To eliminate a lot of toxic chemicals, preservatives, and fragrances that are harmful to our bodies, choose certified organic and natural skin care products. It is important to read labels and become educated about what ingredients to avoid when selecting body care products. A good motto to go by is if you can’t pronounce it or have only seen it in chemistry class, don’t use it! Petroleum derivatives, preservatives, synthetic fragrances and dyes go by many names. A few examples of common ingredients to steer clear of are Cocoamidopropyl Betaine, Olefin SulfonatGe, Sodium Luaroyl Sarcosinate, Potassium Cocoyl Glutamate, Sulfates, Parabens, and Phenoxyethanol. Following is an example of a mainstream product and the synthetic ingredients it contains:

Vaseline Intensive Care Dry Skin Lotion

Ingredients from packaging: ACTIVE INGREDIENT: ETHYLHEXYL P-METHOXYCINNAMATE (SPF 5). OTHER INGREDIENTS: WATER, GLYCERIN, STEARIC ACID, GLYCOL STEARATE, SUNFLOWER SEED OIL, SOYA STEROL, LECITHIN, TOCOPHERYL ACETATE, RETINYL PALMITATE, DIMETHICONE, GLYCERYL STEARATE, CETYL ALCOHOL, TEA, MAGNESIUM ALUMINUM SILICATE, FRAGRANCE, CARBOMER, STEARAMIDE AMP, CORN OIL, METHYLPARABEN, DMDM HYDANTOIN, IODOPROPYNYL BUTYLCARBAMATE, DISODIUM EDTA, PG, BHT, TITANIUM DIOXIDE, YELLOW NO. 10.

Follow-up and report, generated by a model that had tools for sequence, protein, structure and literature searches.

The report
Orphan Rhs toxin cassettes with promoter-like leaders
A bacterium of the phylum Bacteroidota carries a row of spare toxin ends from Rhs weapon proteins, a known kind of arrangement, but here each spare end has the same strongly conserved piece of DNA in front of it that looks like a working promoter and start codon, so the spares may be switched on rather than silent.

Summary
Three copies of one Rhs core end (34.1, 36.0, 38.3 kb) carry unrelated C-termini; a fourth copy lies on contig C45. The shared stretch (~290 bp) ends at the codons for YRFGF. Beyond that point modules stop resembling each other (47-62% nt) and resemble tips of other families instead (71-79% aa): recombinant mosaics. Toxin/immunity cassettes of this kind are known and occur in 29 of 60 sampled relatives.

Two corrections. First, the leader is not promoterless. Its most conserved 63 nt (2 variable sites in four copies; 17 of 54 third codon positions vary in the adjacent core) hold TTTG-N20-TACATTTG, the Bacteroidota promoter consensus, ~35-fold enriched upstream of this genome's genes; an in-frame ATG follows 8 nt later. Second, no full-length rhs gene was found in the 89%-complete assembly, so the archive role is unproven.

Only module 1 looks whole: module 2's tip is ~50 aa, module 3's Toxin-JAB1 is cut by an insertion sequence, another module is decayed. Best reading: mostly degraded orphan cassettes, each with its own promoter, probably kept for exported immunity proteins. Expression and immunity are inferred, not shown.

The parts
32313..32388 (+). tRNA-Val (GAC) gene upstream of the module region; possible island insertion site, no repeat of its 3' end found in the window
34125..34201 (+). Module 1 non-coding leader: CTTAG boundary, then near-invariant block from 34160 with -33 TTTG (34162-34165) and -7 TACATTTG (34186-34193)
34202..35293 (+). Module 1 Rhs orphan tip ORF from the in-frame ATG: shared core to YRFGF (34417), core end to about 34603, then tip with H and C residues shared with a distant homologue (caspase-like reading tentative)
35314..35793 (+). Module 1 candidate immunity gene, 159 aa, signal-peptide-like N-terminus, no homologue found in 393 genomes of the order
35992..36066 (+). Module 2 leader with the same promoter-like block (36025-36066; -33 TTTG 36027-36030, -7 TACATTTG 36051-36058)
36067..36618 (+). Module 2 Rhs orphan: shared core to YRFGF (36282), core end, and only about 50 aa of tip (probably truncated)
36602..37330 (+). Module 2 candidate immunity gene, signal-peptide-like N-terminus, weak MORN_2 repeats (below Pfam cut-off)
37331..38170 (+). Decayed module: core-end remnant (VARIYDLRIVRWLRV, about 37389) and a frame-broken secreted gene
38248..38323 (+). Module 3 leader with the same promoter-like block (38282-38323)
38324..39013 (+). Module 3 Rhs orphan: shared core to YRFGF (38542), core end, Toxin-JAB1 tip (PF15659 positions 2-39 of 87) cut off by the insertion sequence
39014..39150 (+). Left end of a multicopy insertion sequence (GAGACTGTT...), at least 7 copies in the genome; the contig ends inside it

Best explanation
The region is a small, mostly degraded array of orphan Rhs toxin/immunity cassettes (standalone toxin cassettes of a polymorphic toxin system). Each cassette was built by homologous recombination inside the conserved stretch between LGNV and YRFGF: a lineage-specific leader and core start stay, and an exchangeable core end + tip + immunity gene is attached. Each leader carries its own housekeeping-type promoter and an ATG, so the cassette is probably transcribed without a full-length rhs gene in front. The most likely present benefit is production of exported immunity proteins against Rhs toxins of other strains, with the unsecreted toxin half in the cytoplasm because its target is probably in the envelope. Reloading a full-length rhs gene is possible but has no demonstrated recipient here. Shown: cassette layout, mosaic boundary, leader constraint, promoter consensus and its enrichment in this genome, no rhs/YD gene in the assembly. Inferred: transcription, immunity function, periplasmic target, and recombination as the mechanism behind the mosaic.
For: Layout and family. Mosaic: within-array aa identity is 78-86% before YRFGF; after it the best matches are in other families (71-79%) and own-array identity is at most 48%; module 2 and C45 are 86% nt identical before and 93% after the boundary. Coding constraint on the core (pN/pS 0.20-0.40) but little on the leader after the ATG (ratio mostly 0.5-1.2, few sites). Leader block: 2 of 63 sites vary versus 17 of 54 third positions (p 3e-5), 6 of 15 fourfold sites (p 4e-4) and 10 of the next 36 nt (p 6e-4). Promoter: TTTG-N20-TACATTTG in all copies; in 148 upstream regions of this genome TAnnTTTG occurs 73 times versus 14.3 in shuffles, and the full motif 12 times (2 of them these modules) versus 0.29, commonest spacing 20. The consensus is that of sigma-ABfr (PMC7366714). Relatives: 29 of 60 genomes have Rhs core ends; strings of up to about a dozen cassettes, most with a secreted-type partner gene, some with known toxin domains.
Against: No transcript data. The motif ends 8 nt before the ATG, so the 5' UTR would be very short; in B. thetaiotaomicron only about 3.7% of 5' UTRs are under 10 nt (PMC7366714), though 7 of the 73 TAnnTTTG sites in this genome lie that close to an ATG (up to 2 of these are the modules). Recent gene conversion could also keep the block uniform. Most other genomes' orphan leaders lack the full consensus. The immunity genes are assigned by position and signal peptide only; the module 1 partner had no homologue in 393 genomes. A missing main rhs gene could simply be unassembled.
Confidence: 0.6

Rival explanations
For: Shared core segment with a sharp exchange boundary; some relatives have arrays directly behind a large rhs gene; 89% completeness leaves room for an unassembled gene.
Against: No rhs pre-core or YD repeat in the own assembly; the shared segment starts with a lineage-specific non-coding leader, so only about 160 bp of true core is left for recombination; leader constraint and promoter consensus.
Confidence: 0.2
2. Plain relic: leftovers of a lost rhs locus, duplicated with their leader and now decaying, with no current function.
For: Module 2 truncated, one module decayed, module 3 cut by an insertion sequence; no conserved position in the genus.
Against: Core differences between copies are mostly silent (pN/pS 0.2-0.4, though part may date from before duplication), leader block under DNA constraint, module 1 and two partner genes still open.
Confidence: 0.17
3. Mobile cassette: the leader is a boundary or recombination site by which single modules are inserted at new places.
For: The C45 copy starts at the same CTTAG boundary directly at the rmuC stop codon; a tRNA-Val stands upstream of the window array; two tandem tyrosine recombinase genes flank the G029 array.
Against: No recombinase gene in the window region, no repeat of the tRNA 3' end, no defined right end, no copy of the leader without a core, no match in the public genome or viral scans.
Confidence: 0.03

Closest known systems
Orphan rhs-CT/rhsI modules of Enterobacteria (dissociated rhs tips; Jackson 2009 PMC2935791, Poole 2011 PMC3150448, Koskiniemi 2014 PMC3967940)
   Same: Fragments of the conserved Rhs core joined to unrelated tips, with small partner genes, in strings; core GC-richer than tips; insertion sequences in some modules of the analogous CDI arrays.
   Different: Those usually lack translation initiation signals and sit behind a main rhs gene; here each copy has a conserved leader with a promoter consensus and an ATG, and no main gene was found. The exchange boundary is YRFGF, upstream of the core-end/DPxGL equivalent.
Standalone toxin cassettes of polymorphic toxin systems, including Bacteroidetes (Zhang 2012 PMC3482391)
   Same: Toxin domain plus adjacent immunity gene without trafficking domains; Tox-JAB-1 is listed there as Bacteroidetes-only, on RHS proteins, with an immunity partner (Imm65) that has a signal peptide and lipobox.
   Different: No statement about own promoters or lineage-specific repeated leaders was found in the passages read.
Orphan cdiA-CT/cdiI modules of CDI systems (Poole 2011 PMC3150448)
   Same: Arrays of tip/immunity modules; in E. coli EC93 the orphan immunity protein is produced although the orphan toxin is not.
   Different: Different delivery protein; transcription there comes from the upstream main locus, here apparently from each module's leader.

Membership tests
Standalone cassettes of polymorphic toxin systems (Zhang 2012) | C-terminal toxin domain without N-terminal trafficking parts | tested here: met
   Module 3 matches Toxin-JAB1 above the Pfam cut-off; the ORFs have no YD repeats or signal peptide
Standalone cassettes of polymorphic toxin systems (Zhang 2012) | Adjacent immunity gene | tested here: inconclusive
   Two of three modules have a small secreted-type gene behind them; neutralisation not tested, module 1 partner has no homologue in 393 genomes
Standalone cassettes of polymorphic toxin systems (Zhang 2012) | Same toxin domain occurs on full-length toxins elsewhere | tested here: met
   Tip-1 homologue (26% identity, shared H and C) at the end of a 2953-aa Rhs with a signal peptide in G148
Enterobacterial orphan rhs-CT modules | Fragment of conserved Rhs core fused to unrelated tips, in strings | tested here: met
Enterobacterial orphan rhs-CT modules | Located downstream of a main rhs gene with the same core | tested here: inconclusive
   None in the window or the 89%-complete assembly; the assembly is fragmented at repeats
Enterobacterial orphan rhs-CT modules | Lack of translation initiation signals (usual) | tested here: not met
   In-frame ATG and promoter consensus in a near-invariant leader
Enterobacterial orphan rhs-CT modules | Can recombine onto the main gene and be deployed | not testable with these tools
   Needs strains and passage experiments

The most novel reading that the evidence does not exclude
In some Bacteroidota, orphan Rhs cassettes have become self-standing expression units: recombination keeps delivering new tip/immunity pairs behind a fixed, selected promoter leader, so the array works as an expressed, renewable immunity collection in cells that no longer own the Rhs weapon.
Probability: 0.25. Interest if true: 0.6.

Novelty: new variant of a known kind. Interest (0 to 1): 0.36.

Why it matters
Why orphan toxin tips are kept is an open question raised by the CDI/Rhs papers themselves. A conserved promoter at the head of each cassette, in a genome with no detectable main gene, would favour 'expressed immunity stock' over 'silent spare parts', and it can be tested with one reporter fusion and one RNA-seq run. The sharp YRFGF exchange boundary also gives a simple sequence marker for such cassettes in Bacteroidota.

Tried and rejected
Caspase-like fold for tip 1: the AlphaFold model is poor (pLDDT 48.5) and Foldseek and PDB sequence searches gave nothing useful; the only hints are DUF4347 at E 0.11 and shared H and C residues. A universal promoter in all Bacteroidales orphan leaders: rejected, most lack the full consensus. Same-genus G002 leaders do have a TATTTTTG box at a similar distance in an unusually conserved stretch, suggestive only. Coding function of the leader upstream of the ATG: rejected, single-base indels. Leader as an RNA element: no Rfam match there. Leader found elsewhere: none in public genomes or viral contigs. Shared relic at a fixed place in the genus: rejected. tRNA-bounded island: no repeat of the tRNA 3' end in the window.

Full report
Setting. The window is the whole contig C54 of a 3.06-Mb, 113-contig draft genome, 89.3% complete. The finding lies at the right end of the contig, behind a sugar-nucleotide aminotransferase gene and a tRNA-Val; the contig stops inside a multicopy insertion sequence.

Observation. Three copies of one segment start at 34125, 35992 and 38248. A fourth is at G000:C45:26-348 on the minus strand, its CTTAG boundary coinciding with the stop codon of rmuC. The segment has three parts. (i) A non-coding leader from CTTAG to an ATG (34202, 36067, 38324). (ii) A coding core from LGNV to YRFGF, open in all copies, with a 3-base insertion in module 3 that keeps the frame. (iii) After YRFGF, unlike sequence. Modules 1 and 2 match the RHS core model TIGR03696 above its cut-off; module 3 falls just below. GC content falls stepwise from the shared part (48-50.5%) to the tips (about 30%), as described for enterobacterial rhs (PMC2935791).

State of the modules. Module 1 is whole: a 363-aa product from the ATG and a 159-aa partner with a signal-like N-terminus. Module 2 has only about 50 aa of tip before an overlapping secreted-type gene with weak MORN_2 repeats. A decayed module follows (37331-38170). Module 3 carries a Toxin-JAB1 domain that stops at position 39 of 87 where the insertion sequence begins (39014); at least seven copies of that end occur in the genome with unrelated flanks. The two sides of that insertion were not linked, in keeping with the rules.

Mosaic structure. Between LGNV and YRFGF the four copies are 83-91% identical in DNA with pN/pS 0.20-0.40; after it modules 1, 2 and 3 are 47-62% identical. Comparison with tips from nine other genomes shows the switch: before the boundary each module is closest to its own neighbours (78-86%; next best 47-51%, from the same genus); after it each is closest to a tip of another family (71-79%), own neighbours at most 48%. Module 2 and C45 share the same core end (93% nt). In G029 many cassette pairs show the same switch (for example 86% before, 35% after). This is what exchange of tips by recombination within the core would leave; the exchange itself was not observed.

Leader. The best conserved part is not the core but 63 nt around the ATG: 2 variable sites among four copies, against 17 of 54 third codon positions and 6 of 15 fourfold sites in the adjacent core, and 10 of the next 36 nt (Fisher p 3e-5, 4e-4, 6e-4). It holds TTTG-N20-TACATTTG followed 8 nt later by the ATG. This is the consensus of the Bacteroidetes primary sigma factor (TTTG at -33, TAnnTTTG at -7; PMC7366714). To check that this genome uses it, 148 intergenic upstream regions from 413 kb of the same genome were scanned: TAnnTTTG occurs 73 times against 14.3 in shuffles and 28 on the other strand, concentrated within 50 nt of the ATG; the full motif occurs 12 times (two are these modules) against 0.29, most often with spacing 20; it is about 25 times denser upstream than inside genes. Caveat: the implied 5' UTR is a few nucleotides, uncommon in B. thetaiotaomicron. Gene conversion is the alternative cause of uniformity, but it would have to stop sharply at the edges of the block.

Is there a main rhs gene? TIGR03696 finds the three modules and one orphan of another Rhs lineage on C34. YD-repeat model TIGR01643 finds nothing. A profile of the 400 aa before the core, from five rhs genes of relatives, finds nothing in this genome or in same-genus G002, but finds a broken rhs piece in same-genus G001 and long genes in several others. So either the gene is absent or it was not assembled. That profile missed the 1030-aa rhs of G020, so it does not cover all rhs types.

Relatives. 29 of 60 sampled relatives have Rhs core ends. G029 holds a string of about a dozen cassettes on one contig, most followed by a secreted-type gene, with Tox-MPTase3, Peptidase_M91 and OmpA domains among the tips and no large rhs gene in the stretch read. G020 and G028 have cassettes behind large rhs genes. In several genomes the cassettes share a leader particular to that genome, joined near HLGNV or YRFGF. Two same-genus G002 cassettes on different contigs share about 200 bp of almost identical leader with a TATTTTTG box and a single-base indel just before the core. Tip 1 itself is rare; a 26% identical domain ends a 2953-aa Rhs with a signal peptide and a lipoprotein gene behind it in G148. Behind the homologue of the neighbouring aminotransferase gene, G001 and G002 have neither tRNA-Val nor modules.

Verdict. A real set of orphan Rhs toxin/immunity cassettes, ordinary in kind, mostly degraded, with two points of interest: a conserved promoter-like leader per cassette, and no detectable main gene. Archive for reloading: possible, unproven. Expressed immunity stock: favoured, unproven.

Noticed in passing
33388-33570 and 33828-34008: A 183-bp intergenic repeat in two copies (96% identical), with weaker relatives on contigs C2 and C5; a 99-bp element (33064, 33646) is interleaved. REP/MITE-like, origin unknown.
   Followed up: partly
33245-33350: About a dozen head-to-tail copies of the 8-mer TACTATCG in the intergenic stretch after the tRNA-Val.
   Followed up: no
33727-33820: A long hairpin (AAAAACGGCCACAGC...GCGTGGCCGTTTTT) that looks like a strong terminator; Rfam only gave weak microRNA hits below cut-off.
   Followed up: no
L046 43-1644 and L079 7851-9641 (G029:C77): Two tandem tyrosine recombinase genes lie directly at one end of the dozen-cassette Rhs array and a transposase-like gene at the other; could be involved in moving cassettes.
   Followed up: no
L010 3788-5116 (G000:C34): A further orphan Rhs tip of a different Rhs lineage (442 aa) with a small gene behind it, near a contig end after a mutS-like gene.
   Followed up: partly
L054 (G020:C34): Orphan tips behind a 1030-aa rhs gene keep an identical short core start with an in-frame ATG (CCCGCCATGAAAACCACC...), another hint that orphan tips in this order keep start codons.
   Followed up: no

By selecting organic and natural products for yourself and your family, you are taking a big step toward a healthier lifestyle. The developing organs of babies and children are particularly sensitive to chemicals, so it is especially important to use safe products for your youngsters. Down to Earth has a wide selection of natural and organic body care products. Look for even more in the near future as our team is working hard to ensure that DTE carries the purest products available.

Source: https://www.downtoearth.org/health/general-health/your-skin-it-absorbs

 

 

Occupations at Risk for harmful exposures to the skin

 

Workers at risk of potentially harmful exposures of the skin include, but are not limited to, those working in the following industries and sectors:

  • Food service
  • Cosmetology
  • Health care
  • Agriculture
  • Cleaning
  • Painting
  • Mechanics
  • Printing/lithography
  • Construction